to sleep very soundly. Everyone in our family sleeps like a log, so no one heard the thunderstorm in the middle of the night. Nothing can wake me up. I usually sleep like a baby.
See also: like, log, sleep

sleep over (with someone) (some place)

to spend the night sleeping at someone else's home. (Typically said by teenagers or younger children who spend the night with a friend.) Mom, can I sleep over with Tony? Can I sleep over at Tony's house?
See also: over, sleep

sleep something off

to sleep while the effects of liquor or drugs pass away. John drank too much and went home to sleep it off. Bill is at home sleeping off the effects of the drug they gave him.
See also: off, sleep

sleep through something

to remain sleeping through some event. I didn't hear the storm. I guess I slept through it. Wally slept through the entire operaeven the loud part.
See also: sleep, through

sleep together

 
1. [for two or more people] to share a bed. Do you mean that Fred and Dave have to sleep together? My brother and I used to have to sleep together.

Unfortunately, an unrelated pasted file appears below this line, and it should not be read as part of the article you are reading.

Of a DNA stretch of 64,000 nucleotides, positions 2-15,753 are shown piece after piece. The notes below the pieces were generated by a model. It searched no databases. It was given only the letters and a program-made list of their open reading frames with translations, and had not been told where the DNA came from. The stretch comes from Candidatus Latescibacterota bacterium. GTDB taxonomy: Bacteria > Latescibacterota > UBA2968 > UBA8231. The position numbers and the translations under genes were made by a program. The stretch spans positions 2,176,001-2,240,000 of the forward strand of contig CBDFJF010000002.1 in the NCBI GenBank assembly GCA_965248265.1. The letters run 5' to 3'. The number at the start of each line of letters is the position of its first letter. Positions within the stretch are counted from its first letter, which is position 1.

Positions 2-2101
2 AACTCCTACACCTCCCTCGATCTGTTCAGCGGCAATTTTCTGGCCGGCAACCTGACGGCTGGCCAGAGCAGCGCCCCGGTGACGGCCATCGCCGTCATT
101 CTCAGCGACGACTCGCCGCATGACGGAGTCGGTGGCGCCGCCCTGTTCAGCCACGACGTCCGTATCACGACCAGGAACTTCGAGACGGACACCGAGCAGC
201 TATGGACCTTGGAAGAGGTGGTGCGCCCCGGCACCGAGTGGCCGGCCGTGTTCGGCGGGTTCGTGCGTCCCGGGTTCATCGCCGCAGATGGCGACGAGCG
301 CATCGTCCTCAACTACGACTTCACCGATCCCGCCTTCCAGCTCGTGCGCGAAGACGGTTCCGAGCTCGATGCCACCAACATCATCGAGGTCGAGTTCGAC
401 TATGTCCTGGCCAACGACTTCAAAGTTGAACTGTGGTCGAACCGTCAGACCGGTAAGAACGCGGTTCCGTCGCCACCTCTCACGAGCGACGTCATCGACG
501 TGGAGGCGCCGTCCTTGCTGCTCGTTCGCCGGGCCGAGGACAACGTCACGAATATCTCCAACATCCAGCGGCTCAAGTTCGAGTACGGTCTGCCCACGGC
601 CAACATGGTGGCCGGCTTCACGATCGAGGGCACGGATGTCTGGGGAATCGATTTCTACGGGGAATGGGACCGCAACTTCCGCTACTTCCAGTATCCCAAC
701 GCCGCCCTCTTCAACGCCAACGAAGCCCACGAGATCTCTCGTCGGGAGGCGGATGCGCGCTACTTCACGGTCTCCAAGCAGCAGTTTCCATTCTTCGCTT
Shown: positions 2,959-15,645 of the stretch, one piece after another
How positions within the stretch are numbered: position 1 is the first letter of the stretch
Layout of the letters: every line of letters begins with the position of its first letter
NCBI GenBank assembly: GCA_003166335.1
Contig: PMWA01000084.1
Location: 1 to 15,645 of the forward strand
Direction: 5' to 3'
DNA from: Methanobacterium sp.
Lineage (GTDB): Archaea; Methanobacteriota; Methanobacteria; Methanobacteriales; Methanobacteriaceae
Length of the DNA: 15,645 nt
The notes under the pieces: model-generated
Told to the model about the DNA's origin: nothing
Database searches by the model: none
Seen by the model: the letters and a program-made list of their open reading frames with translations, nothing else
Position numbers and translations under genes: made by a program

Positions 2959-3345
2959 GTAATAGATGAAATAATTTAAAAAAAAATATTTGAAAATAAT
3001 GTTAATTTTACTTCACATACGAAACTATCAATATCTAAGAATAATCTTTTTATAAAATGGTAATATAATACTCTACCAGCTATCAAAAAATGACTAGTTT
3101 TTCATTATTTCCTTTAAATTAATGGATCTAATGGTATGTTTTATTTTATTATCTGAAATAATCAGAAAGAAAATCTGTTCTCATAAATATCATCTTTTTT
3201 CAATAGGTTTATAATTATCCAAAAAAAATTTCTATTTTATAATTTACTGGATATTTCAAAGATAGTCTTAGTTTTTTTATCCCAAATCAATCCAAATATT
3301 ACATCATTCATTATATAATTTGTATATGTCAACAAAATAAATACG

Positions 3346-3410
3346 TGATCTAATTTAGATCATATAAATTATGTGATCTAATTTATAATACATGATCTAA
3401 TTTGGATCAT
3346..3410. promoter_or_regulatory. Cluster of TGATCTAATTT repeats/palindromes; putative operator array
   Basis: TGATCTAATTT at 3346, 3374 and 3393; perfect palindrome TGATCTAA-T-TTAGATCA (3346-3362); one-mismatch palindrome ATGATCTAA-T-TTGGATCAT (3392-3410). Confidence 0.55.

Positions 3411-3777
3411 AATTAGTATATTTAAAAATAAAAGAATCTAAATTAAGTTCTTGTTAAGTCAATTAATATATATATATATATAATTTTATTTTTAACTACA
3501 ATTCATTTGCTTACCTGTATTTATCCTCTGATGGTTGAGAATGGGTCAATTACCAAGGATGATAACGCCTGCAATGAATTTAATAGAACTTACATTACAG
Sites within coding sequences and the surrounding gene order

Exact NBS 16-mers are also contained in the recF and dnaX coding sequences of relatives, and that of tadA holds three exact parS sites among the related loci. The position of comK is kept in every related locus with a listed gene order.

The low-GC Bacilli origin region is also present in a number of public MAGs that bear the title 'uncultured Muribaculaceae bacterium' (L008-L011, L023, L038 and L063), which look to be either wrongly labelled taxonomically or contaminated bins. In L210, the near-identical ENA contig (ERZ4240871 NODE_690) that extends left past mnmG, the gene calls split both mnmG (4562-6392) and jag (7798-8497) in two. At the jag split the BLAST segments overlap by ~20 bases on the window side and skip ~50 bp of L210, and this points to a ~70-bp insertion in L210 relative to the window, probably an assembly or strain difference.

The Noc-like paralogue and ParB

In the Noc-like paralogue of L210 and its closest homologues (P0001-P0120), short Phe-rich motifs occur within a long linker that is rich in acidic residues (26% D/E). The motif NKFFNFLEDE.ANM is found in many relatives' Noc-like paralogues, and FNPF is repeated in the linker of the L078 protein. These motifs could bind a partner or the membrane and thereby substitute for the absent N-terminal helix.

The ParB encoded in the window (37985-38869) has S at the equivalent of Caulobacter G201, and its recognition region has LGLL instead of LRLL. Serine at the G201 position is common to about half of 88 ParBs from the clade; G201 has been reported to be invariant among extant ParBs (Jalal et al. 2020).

2. Euph. [for two people] to copulate. Do you think they slept together? Ted and Alice slept together a lot when they were in college.
See also: sleep, together

sleep around

Engage in sex promiscuously, as in Fortunately, no one mentioned that both of them had slept around in their younger days . [Colloquial; 1920s]
See also: around, sleep

sleep in

1. Sleep at one's place of employment, as in They have a butler and maid who both sleep in. [First half of 1800s]
2. Sleep late, either accidentally or deliberately. For example, I slept in and missed my usual train, or On weekends we like to sleep in. [Late 1800s]
See also: sleep

sleep like a log